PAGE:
Algorithm time complexity and space complexity

Table of contents

1. What is an algorithm

Algorithm characteristics

2. The complexity of the algorithm

3. Time complexity

3.1 Definition of time complexity

3.2 Asymptotic Notation for Big O

4. Space complexity

definition

Example:

5. Comparison of time complexity and space complexity

1. What is an algorithm

Algorithm is a description of the steps to solve a particular type of problem. It is a specified finite sequence, which literally means a method for computing.

Algorithm characteristics

  1. Finiteness: An algorithm will always execute a finite number of times and then stop.

  2. Deterministic: Each step has a deterministic meaning and has the same output for the same input.

  3. Inputs: An algorithm has zero or more inputs.

  4. Outputs: An algorithm has one or more outputs.

  5. Feasibility: Each step in the algorithm can be implemented by a finite number of runs of the basic operations that have already been implemented.

2. The complexity of the algorithm

Usually the complexity of the algorithm is used to measure the quality of an algorithm. So, what is complexity?

After the algorithm is written into an executable program, it needs time resources and space (memory) resources to run . Therefore, to measure the quality of an algorithm, it is generally measured from two dimensions of time and space , namely time complexity and space complexity .

Time complexity mainly measures how fast an algorithm runs, while space complexity mainly measures the extra space required to run an algorithm.

3. Time complexity

3.1 Definition [of time complexity]

The time complexity of an algorithm is a function that quantitatively describes the running time of the algorithm. (Note: The execution time of an algorithm cannot be calculated theoretically, but the time spent by the algorithm is proportional to the number of executions of the statements in it, so the number of executions of the basic operations in the algorithm is the time complexity of the algorithm)

In layman’s terms: the time complexity is the formula of the general formula that is executed the most times in an algorithm, and the coefficient is omitted and the formula with the highest order is reserved.

3.2 Asymptotic Notation for Big O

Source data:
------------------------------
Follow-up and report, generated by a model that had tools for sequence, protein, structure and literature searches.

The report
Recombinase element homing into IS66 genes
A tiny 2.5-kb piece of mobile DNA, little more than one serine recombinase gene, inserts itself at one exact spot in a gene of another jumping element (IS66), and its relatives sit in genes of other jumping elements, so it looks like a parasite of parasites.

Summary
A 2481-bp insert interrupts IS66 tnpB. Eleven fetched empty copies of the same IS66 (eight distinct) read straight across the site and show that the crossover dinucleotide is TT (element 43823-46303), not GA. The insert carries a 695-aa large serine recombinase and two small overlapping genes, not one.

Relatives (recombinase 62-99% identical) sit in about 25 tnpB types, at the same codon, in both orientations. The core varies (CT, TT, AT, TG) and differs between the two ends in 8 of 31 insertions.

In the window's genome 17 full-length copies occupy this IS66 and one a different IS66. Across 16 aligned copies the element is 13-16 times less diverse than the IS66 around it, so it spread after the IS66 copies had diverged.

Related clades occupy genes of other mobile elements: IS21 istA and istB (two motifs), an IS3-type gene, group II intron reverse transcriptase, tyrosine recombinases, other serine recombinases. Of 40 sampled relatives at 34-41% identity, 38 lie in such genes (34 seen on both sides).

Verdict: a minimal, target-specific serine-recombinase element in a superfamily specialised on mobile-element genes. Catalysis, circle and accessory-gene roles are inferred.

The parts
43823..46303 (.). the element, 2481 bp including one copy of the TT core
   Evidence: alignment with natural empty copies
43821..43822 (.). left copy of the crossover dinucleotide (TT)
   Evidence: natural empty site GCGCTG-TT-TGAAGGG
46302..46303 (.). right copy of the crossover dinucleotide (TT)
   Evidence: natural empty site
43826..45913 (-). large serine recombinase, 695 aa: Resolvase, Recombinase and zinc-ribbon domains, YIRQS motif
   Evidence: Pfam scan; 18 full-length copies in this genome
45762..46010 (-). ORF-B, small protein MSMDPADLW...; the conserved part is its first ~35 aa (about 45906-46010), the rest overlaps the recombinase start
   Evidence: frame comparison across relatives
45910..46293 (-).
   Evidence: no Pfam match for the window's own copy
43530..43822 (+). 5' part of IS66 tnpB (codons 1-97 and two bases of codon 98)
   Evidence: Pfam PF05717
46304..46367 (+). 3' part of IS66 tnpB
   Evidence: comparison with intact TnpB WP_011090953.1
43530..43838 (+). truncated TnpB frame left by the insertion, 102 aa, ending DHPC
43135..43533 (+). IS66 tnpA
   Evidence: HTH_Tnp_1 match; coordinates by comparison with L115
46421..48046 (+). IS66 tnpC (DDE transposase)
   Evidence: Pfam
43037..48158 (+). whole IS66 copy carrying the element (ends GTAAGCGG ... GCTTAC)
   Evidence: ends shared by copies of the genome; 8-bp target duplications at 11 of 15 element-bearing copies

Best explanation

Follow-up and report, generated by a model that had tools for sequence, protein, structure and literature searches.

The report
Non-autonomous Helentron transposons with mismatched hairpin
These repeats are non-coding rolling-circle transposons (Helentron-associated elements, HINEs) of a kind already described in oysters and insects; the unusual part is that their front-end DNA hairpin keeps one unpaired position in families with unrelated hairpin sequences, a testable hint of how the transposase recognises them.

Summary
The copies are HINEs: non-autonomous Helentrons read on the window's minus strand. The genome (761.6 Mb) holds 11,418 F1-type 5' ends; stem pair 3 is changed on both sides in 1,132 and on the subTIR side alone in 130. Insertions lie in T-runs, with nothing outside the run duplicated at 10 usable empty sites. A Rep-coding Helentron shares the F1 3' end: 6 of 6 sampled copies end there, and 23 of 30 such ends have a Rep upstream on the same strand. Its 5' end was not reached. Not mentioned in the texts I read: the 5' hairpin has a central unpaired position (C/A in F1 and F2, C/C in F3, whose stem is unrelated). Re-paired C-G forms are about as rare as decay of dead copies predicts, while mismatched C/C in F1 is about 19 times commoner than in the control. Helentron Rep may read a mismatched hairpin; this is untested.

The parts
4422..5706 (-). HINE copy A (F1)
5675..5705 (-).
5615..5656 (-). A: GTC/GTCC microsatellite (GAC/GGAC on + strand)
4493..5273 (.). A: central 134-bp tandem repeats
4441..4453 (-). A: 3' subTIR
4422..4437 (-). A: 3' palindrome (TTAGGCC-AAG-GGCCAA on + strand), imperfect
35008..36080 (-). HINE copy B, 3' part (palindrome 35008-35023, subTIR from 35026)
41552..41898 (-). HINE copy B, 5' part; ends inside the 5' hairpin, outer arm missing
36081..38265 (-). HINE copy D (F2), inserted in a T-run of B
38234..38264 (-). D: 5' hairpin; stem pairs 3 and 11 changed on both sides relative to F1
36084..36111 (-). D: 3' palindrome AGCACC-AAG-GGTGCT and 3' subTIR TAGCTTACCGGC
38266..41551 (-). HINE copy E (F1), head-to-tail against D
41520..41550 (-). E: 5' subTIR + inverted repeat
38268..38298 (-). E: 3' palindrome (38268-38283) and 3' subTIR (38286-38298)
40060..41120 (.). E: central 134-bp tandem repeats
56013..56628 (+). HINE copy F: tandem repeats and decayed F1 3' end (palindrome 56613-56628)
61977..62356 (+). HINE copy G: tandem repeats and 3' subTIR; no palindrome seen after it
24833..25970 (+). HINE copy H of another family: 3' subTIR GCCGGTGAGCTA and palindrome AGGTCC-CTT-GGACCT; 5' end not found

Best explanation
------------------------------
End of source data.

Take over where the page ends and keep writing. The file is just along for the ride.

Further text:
To derive the big-O method:
1. Replace all additive constants in runtime with the constant 1.

If the execution times of an algorithm is a certain constant term, then its time complexity is O(1)
2. In the modified running times function, only the highest-order term is retained.
3. If the highest-order term exists and is not 1, remove the constant multiplied by this term. The result is a big-O order.

for example:

int fun(int x)
{
    int count = 0;
    for (int i = 0; i < x; i++)
    {
        for (int j = 0;j<x;j++)
        {
            count++;
        }
    }
}

Take this algorithm as an example, count++, the number of executions is x*x times, then its time complexity is O(x^2)

void Func1(int N)
{
    int count = 0;
    for (int i = 0; i < N; ++i)
    {
        for (int j = 0; j < N; ++j)
        {
            ++count;
        }
    }
    for (int k = 0; k < 2 * N; ++k)
    {
        ++count;
    }
    int M = 10;
    while (M--)
    {
        ++count;
    }

In this example, the code segment that runs the most is ++count, and it can be seen that its execution times are

F(n)=nn+2n+10; applying the asymptotic representation of big O, we keep the highest order n*n=n^2, so the time complexity of the above algorithm is O(n^2).

So why is that so? Because when n is infinite, except the highest order has a great influence on the whole, other constants and first-order terms are negligible for the overall order, and the time complexity is the worst result , so the time complexity has a big O progressive notation.

4. [Space complexity]

definition

Space complexity is also a mathematical expression, not how many bytes of space a program occupies, but a measure of the amount of storage space temporarily occupied by an algorithm during its operation .

The space complexity calculation rules are basically similar to the practical complexity, and also use the big-O asymptotic notation.
Note: The stack space (storage parameters, local variables, some register information, etc.) required by the function to run has been determined during compilation, so the space complexity is mainly determined by the additional space explicitly requested by the function at runtime.

Example:

void BubbleSort(int* a, int n)
{
    assert(a);
    for (size_t end = n; end > 0; --end)
    {
        int exchange = 0;
        for (size_t i = 1; i < end; ++i)
        {
            if (a[i - 1] > a[i])
            {
                Swap(&a[i - 1], &a[i]);
                exchange = 1;
            }
        }
        if (exchange == 0)
            break;
    }
}

In the above algorithm: n, exchange, i need to apply for additional space to complete the program at runtime, so 3 additional spaces are applied, which are constants, so the space complexity expressed in big O asymptotic notation is O(1)

5. Comparison of time complexity and space complexity

Note: Time is cumulative and never returns; space can be recycled.

Here we use the recursive algorithm of Fibonacci numbers to compare the time complexity and space complexity

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